Tobacco Retail Licensing Fees

Long Island Gasoline Retailers Ass’n v. Paterson, 897 N.Y.S.2d 850 (N.Y. Sup. Ct. 2010) (Nassau County)

Plaintiffs, a group of retail trade associations collectively representing more than 10,000 New York state tobacco retailers, sought an injunction against the implementation of a new law establishing higher licensing fees for tobacco retailers.  Prior to the new law, retailers of tobacco products were subject to a flat rate annual licensing fee of $100.00.  New fees are calculated annually on a sliding scale based on the total sales volume of both tobacco and non-tobacco products.  The minimum fee is one thousand dollars for retailers with aggregate sales under one million dollars, and the maximum fee is five thousand dollars if sales are at least ten million dollars.

The trade groups claimed the higher fees would force up to 40% of tobacco retailers out of business with a corresponding loss of thousands of jobs, and that the sliding fee scale is a discriminatory and therefore unconstitutional tax under Equal Protection and Due Process Clauses of the Fourteenth Amendment.

Defendants argued in their motion to dismiss that the plaintiffs lacked standing to sue, that the legislature did not intend to discriminate among tobacco retailers, and there is no adequate showing for injunctive relief.

To maintain standing to pursue a claim, “[A]n organization plaintiff must demonstrate harmful effects on at least one of its members. . .”  Rudder v. Pataki, 711 N.E.2d 978, 980 (N.Y. 1999), citing Society of Plastics Industry, Inc. v. County of Suffolk, 573 N.E.2d 1034, 1042 (N.Y. 1991).   The court observed that the plaintiff group was unable to show that any one retailer in their constituency had closed or would be forced to close their business due to the higher fee.  Plaintiffs offered no disclosure of a single retailer’s financial statements showing how the higher fee would force them out of business.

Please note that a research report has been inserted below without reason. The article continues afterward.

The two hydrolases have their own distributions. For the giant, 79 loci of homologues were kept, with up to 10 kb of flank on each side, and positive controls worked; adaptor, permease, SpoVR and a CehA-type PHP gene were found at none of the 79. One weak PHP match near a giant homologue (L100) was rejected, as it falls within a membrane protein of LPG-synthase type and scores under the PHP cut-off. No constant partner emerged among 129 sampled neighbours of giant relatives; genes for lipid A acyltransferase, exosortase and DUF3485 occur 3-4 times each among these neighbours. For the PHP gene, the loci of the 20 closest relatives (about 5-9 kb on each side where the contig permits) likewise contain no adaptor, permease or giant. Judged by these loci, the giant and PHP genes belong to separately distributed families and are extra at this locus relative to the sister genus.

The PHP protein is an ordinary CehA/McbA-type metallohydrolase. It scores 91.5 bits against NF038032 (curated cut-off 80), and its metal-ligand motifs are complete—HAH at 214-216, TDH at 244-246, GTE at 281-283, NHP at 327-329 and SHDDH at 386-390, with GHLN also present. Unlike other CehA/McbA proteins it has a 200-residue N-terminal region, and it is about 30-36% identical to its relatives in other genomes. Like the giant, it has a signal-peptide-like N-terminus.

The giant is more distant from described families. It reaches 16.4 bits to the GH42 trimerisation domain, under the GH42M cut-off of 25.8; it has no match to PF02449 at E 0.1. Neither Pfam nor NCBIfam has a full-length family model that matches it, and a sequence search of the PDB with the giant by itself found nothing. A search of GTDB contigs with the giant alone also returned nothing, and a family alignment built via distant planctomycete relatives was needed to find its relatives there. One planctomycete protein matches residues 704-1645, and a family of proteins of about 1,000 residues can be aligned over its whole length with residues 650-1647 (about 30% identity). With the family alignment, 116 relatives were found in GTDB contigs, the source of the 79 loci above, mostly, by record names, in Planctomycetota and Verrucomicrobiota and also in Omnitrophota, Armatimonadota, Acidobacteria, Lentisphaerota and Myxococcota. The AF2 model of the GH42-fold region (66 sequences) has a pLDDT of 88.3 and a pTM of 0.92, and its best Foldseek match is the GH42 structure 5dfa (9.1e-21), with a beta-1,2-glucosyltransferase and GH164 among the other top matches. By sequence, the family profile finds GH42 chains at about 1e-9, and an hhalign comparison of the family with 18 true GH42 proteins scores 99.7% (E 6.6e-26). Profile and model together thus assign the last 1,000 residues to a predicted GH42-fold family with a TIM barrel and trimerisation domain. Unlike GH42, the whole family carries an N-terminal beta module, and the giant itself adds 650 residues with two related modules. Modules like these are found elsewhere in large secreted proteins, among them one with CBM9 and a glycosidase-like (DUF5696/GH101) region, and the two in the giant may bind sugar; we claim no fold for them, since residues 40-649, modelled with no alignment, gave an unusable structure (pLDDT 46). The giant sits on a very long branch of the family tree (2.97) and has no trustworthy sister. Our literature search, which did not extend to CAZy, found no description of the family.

In dismissing the claim for lack of standing, the court determined that potential injuries claimed by the plaintiffs were speculative since no harmful effect on at least one of its members was demonstrated.  “Without an allegation of injury-in-fact, plaintiffs’ assertions are little more than an attempt to legislate through the courts.” Id. at 981. Since the threshold issue resulted in dismissal of the action without prejudice, the court did not address the plaintiffs’ constitutional issues.

The plaintiffs appealed the dismissal of the case, and the Appellate Division of the Supreme Court granted Plaintiffs’ motion for a temporary injunction allowing retailers to renew their licenses for $100 pending outcome of an appeal.

On April 19, 2011, the Appellate Division dismissed the appeal as a result of new legislation enacted by the of the New York State Legislature amending the retail license fee to a flat rate of $300 per year.